February 2008 >
TCM Treatment of Bronchial Asthma In Clinical Practice
TCM Treatment of Bronchial Asthma
In Clinical Practice
By William Morse, D.C., F.I.A.C.A.
Common Asthmatic Presentation
Patients commonly present with dyspnea, which is paroxysmal, restricting
both inhalation and exhalation and is accompanied by wheezing and
sometimes cough. This is due to severe bronchiospasm resulting as the
body attempts to expel excessive mucous from within the bronchial
passages. Personal history may include chronic allergic rhinitis or an
acute lung illness, such as bronchitis. Family history most often
includes asthma, COPD and/or other lung diseases.
From a TCM standpoint, asthma, called Chuan Xiao, is seen
therapeutically in a similar manner to other respiratory ailments. That
is, as a result of pernicious external pathogenic processes invading the
lungs and effecting the Lung, Kidney and Spleen. Contributing factors
include diet, chronic respiratory infections, improper care after
illness, climactic change, emotional turbulence, and overstrain or
“stress,” all of which leads to the retention of endogenous phlegm.
Phlegm and Qi then ascend inappropriately to the throat resulting in the
symptoms we call asthma. Chronic or recurrent asthma may result in
simultaneous asthenia (deficiency of healthy Qi) of the Lung, Spleen and
Kidney and could progress further to involve the Heart, resulting in
Diagnostically, asthma can be seen to involve one of the five causative
syndromes: Retention of Cold-Fluid in the lung; Retention of Phlegm-Heat
in the lung; Asthenia of Spleen and Lung Qi; Asthenia of Lung and Kidney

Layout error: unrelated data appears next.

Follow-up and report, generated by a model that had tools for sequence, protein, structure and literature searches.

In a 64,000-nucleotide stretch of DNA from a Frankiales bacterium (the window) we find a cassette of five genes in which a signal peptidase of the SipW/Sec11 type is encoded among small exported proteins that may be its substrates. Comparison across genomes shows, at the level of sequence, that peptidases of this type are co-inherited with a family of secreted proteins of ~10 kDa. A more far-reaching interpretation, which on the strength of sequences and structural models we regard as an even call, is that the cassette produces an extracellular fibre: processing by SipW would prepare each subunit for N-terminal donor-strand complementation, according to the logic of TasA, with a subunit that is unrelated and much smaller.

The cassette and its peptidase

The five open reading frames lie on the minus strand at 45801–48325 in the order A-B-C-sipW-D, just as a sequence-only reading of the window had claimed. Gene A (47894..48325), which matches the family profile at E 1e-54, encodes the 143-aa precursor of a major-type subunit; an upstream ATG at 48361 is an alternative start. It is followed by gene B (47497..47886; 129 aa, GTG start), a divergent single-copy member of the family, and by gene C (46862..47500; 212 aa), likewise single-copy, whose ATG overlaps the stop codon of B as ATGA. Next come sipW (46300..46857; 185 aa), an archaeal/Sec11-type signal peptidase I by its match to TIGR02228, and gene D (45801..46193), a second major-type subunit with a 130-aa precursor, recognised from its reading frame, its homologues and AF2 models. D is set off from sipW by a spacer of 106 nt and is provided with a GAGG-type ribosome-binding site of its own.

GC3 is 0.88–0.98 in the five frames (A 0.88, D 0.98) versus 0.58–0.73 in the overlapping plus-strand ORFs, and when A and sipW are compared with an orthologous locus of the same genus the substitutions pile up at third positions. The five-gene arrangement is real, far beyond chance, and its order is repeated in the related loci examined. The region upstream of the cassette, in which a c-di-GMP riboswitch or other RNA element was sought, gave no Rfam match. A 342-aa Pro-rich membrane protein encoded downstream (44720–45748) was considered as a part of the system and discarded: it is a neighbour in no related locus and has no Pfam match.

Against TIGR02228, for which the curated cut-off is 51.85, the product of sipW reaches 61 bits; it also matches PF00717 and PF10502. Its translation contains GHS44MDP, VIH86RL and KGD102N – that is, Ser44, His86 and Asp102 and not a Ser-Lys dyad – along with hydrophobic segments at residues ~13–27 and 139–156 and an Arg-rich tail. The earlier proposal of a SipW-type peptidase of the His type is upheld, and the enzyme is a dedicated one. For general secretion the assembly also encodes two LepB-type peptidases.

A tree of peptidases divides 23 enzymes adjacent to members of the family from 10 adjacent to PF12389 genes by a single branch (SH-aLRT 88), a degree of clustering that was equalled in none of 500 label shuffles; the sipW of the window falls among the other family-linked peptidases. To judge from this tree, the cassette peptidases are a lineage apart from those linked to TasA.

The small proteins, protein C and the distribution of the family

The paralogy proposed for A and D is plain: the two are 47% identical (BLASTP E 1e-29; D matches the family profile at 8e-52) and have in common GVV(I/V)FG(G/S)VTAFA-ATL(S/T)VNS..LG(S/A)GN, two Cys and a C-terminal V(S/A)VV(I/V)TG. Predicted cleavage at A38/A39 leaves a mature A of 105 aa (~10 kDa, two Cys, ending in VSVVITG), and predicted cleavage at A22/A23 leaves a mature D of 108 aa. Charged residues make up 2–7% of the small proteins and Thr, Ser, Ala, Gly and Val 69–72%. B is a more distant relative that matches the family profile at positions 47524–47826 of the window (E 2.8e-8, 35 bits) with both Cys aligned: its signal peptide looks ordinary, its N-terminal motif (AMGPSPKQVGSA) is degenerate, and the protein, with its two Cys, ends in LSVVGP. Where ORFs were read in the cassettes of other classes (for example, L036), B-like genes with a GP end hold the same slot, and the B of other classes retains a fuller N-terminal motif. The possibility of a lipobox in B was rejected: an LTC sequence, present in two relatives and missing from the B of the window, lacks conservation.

Yin; and Asthenia of Heart and Kidney Yang. These syndromes tend to
represent a progression from mild to critical and may be found in
transition or in multiple forms.
Retention of Cold-Fluid in the Lung
This can occur after a cold, viral respiratory infection, seasonal
change, or excessive cold exposure. Signs and symptoms include dyspnea
which “roars,” expectoration of thin, white sputum, and a light-colored
tongue with white, slippery fur. The pulse is floating and slippery in
the early phases. The patient may also present with fever, headache with
diaphoresis (sweating), and an aversion to cold.
Retention of Phlegm-Heat in the Lung
Typical presentation includes dyspnea with limited chest excursion,
yellow and sticky sputum, and slightly frothy expectoration. This will
be accompanied by fever, thirst, red tongue with yellow and greasy fur
as well as rapid and slippery pulse.
Asthenia of Spleen and Lung Qi
Common presentation includes cough, shortness of breath (lack of
oxygen), aggravation on exertion, low voice and breath sounds, thin
sputum, aversion to wind, spontaneous sweating, lassitude, poor
appetite, loose stools, light-colored tongue with thin, white fur and a
soft and thin pulse.
Asthenia of Lung and Kidney Yin
This person often presents with dyspnea and shortness of breath, cough
with scant expectoration, dizziness and tinnitus, aching and weakness of
the loins and knees, tidal fever, night sweats, red tongue with scant
fur and a thin, rapid pulse.
Asthenia of Heart and Kidney Yang
This patient is short of breath, has more trouble with inhalation, is
averse to cold, has cold extremities, is edematous with scant urine, may